Scuba Diving

diving

Diving and Snorkelling

The Blue Hole

The Blue Hole is a sheltered vertical “hole” enclosed by walls on three sides and an arch on the North-facing side.  It is known as a sinkhole and if you are interested in learning how these features come about, you can read more here.

Once your depth touches the 6m mark, you can leave the blue hole from underneath its arch and make your way out to the open sea.  However, it is worth noting that at the bottom of the blue hole, which lies at 16m, there is a cavern entering the cliff side, which is home to Moray and Conger eels residing in crevices on the far end.  You may also encounter other fish in this cavern (the author once spotted a fine John Dory gracefully hovering at the entrance!)  However, the highlight of the blue hole must be the mesmerising display of shafts of light playing upon its walls.

The Famous Blue Hole at Dusk (Image: J. Caruana)

The Azure Window Remains

The remains of what used to be the Azure Window, which collapsed on the 8th of March 2017 during a storm, are a spectacular sight to behold.  Jagged pillars rise out from the depths, reaching nearly all the way to the surface.  New swim-throughs have been created, and the site is truly a gem for divers seeking a wonderful landscape.  The depth ranges from more than 50m to virtually the surface, so it’s a dive site suitable for all levels.

Divers who are good on air can start their dive at the Inland Sea, stay in shallower waters (i.e. not venture below 20m), proceed along the wall to their left as they swim out of the tunnel, pass by Gћar ix-Xiћ (Old Man’s cave) and then come upon the remains of the Azure Window, surfacing at the Blue Hole.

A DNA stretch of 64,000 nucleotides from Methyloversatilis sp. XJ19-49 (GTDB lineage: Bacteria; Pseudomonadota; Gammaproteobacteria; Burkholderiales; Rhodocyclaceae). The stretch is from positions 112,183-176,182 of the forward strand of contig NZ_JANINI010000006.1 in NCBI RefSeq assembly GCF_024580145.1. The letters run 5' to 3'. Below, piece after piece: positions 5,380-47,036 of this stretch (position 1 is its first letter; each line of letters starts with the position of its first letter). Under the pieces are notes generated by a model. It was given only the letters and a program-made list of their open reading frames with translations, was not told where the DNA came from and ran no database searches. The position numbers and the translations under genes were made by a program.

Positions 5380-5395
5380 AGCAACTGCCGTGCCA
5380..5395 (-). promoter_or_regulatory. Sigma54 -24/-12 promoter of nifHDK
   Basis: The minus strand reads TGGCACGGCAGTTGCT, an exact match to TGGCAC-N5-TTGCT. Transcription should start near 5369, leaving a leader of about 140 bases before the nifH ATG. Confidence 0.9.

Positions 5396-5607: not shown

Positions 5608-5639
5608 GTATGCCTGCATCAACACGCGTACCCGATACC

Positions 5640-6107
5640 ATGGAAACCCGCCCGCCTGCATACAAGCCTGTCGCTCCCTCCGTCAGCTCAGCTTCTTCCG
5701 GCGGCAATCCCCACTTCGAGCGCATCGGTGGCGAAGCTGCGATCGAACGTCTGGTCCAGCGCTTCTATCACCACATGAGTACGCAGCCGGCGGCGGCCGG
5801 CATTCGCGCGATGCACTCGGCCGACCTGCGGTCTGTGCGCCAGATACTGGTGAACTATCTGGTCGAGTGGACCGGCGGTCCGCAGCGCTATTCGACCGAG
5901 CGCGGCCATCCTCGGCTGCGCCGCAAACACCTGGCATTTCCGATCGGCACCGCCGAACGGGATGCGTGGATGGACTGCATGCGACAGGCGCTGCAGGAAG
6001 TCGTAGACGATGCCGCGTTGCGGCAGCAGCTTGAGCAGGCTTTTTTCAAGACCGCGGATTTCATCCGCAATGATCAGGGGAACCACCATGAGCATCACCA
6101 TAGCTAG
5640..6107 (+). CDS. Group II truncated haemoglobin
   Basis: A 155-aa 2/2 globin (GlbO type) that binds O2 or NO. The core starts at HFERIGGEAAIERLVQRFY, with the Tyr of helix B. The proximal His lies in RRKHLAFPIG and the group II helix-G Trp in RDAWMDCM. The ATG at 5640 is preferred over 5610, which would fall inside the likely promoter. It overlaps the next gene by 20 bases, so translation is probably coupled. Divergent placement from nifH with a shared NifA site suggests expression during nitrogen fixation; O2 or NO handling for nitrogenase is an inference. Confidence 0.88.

CCR divers can enjoy a great dive commencing from the Inland Sea, and proceeding as above, although they can also venture deeper and return to the Inland Sea for their exit.

The author during a dive on the remains of the Azure Window.
A diver hovers next to the jagged remains of the Azure Window, a year after its collapse. (Image: J. Caruana)
The remains of the Azure Window rising towards the surface. (Image: J. Caruana)
Some of the remains of the Azure Window, a year after its collapse. (Image: J. Caruana)
Some of the remains of the Azure Window, a year after its collapse. (Image: J. Caruana)

The Inland Sea Tunnel

The tunnel of the Inland Sea is an 80-metre long tunnel that has one opening (your entry point) at the bay of the Inland Sea (or Qawra, as it is known in Maltese) and another on the opposite side of the cliff leading to the open sea.  A truly exciting dive, it is mostly known for its ambiance rather than the marine life.  On the walls, you’ll encounter corals and sponges, but since it can be a bit dark do make sure to bring your dive light with you!  

IMPORTANT: As you enter the tunnel, keep to the left wall, and make sure to exit on this same side on your way back.  There is a mutual agreement between divers and boaters where the former stick to this side and the latter to the other.  Also, unless it’s a true emergency, avoid surfacing inside the tunnel as boats entering and leaving the tunnel might not be able to spot you and you can get seriously injured!

The Entry of the Inland Sea Tunnel. (Image: J. Caruana)

Crocodile Rock

To the right of the famous Fungus Rock lies a lesser known rock known as Crocodile rock, whose name derives from its shape that resembles the head of a crocodile when viewed from the right angle.

Reaching the rock after a swim from shore, you can enjoy groupers, shoals of salema, bream, amberjacks, dentex, and barracuda amongst other species.  Note that many of these fish tend to occupy waters deeper than 18m, so being in possession of an Advanced diver certification is ideal.

Many of the pictures on this page were captured by the author during wonderful dives together with Brian Azzopardi, Georgia Mainente and Denis Marin.  The author would like to thank all three for being fantastic dive buddies.

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